Incorporating an orchestra into theatrical staging by making it a visible, integrated part of the dramaturgy (as distinct from an arrangement in which musicians are visible, but only out of necessity, because a theatre has no pit, for example) encourages an audience to ask questions about what an orchestra represents in the context of a given production. Scott McMillan, discussing orchestras in musical theatre, notes the interpretive issues that are raised when an orchestra is onstage throughout, as in Cabaret (1966). In this musical ‘the orchestra has an eerie authority from its contradictory standing, as diegetic accompaniment in the Kit Kat Club and as nondiegetic accompaniment for the other scenes. … What do they know, … this orchestra?’ (2006: 147–8). Staged orchestras can raise more questions than answers, because the orchestra has a variety of meanings and associations, which are culturally and historically inflected (Spitzer, 1996: 234). In Anatomie in Four Quarters Clod Ensemble invokes the idea of the orchestra as a highly structured and disciplined collective body, but this is only one of the metaphorical associations orchestras have had over the centuries (ibid.). The orchestra as a concept and organisational structure is malleable, and it is still being (re-)shaped, along with its repertoire, membership, and modes of presentation.[3] Theatre provides an excellent venue and vehicle for re-presenting the orchestra and playing with its possible denotative meanings and audio-visual significations.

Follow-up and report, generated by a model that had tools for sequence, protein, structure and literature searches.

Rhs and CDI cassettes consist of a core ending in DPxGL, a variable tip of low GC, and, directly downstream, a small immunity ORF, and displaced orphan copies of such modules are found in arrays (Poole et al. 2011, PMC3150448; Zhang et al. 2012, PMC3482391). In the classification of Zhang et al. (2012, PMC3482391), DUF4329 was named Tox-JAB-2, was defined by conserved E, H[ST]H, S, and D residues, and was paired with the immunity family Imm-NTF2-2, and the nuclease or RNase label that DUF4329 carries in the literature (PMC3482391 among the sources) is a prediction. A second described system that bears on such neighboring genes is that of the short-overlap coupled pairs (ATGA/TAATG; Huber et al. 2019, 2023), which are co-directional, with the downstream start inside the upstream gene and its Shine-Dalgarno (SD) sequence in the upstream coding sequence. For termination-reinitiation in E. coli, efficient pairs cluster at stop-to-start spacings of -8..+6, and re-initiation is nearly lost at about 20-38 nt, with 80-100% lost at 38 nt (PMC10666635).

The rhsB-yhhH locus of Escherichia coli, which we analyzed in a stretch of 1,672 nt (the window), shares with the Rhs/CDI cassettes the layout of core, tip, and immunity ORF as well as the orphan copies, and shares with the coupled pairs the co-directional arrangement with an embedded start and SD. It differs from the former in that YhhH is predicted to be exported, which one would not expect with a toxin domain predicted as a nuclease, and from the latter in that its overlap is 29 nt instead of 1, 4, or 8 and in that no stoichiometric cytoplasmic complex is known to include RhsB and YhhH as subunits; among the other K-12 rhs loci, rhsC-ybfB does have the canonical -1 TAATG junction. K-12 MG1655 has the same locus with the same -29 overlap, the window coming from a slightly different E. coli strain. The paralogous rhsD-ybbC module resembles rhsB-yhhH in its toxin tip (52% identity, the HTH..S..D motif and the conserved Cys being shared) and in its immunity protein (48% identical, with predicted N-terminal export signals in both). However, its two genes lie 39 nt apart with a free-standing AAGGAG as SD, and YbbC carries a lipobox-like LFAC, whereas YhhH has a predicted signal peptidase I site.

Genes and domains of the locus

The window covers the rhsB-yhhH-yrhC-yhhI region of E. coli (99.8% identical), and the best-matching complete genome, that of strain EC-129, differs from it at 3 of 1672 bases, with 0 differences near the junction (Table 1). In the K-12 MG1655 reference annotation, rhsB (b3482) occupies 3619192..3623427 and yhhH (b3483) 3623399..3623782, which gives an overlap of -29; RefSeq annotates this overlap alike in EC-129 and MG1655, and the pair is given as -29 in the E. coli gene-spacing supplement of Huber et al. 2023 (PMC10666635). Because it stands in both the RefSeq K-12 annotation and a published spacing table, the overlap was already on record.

[1] The inspiration for the musicians’ look actually came from visual art, specifically Rembrandt’s The Anatomy Lesson of Dr. Nicolaes Tulp. Suzy Willson stated in an interview: ‘There’s a body [in the painting], [a] cadaver, and the anatomists are all in what looks a bit like orchestral macabre’ (2022).

[2] My account of An Anatomie in Four Quarters is based on watching a recording of the performance, consulting archival materials located at Clod Ensemble’s studios in Greenwich, and on interviews with Suzy Willson and Paul Clark from Clod Ensemble. 

[3] For example, Charles Hazlewood, artistic director of Paraorchestra, presented a six-part television series for Sky Arts in 2022 called Reinventing the Orchestra with Charles Hazlewood


McMillen, Scott (2006) The Musical as Drama: A Study of the Principles and Conventions Behind Musical Shows from Kern to Sondheim. Princeton, New Jersey: Princeton University Press.

Spitzer, John (1996) ‘Metaphors of the Orchestra–The Orchestra as a Metaphor’, The Musical Quarterly 80, no. 2: 234–64. 

Willson, Suzy (2016) ‘Clod Ensemble, An Anatomie in Four Quarters Rehearsal Notes’, in Performance and the Medical Body, edited by Alex Mermikides and Gianna Bouchard, 151–72. London: Bloomsbury.

—. (2022) Interview by author. Online. 12 September.